But How is He On Immigration?

After the excitement died a little from Rep. John Shadegg’s announcement he is entering the race for Majority Leader, conservatives are asking. "Wait, he’s good on immigration, right?"

It looks like he is. Here’s a press release he issued on December 16, 2005 detailing two amendments he sponsored in the Border Protection, Anti-Terrorism, and Illegal Immigation Control Act of 2005.

The United States will have new tools to fight terrorists, human smugglers, and drug smugglers after two amendments were added to the border security bill today.

The amendments, sponsored by House Policy Chairman John Shadegg, increase the penalties for forging documents – especially if the forgeries are used by drug smugglers or terrorists – and allows prosecutors to go after money launderers who work for human smugglers.

"Securing our border is vital to national security," Shadegg said. "These are serious crimes, and our law enforcement agencies and courts need to be able to treat them effectively."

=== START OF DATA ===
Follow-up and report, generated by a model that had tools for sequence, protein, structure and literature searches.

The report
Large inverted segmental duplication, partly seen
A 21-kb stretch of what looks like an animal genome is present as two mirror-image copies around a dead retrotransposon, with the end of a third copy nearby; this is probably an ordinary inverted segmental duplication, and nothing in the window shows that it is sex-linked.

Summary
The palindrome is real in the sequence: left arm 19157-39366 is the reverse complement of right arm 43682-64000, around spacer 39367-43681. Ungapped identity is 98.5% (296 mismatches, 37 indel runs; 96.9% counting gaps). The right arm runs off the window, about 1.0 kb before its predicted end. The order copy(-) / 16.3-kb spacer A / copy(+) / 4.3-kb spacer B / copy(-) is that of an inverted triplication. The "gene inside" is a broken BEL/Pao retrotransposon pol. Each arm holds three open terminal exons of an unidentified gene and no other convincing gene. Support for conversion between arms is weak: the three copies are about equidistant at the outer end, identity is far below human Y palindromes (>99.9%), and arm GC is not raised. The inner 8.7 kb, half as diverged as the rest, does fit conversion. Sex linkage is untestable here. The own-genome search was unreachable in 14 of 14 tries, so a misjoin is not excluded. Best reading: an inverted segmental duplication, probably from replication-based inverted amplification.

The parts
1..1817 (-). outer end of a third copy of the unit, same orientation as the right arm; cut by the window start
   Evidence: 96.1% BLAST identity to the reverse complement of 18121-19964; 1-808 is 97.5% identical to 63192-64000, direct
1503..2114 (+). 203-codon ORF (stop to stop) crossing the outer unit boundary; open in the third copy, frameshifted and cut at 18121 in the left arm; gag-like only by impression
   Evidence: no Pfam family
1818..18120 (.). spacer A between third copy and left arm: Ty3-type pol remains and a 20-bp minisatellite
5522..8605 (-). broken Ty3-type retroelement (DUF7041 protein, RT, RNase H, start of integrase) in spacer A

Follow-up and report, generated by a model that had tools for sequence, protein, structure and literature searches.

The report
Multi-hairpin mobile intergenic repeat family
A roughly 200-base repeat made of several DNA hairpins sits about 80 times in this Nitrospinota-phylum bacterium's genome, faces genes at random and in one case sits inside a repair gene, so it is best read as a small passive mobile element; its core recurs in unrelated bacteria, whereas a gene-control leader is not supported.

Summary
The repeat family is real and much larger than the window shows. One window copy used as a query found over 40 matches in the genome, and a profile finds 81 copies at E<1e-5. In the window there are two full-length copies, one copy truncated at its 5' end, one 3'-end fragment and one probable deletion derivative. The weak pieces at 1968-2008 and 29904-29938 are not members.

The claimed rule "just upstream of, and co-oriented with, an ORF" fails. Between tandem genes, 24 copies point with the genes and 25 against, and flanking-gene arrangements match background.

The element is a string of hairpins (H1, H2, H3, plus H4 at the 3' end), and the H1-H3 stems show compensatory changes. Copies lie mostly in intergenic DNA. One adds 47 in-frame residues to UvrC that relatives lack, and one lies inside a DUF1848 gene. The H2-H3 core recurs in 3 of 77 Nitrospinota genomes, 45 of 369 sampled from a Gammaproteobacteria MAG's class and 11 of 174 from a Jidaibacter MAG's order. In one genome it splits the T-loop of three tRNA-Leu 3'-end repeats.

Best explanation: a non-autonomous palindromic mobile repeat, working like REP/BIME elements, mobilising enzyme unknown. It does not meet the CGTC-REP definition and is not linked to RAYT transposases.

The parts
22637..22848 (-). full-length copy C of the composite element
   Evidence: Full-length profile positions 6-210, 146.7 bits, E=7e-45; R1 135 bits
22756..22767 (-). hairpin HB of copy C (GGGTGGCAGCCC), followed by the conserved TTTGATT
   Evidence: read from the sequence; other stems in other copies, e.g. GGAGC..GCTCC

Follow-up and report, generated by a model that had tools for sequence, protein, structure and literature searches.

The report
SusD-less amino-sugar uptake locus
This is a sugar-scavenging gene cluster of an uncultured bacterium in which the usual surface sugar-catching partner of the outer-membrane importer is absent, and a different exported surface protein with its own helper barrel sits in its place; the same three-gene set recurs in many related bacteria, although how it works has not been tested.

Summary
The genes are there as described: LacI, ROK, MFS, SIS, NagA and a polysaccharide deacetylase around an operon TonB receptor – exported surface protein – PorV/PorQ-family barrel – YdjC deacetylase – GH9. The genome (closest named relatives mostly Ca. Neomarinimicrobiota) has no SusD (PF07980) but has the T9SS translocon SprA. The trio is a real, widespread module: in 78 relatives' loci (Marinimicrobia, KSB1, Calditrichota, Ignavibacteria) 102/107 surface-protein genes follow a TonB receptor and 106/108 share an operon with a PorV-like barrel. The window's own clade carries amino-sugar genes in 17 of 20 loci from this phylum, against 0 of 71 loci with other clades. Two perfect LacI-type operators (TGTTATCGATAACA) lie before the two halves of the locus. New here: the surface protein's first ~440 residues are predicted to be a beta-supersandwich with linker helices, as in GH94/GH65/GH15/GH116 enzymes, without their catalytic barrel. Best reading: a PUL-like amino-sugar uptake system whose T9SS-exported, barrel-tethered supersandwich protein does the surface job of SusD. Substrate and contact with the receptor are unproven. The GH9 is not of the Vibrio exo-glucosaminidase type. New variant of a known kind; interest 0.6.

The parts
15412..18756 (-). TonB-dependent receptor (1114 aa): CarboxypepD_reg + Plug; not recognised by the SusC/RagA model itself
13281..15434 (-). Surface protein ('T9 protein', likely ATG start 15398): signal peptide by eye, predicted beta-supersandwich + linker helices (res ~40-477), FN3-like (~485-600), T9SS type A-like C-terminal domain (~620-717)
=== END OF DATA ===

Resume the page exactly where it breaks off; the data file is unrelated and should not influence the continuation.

The first amendment increases the penalty to at least 25 years for document fraud committed to facilitate an act of international terrorism, and increases the maximum sentence from 20 to 40 years for document fraud committed in drug trafficking.

The same amendment also adds 15 years to the prison sentence of an illegal immigrant who commits a crime of violence or drug trafficking, if that illegal immigrant was already ordered to leave the United States for committing a crime here. Any illegal immigrant who commits any violent or drug trafficking-related crime will also have 5 years added to his or her prison sentence.

The second amendment adds "human smuggling" to the list of crimes in the federal money laundering laws. Human smuggling is a fast-growing category of crime which brings in an estimated $10 billion a year.

"If we want to secure our border, we must get serious about the penalties for border-related crimes," Shadegg said. "These are common-sense changes to deal with reality on the border."

Shadegg’s amendments became part of the Border Protection, Anti-Terrorism, and Illegal Immigration Control Act of 2005. 

Human Events has contacted border hawk J.D Hayworth’s office and we’re hoping to hear back from him later this afternoon to see if Shadegg’s border policies meet the Hayworth standard.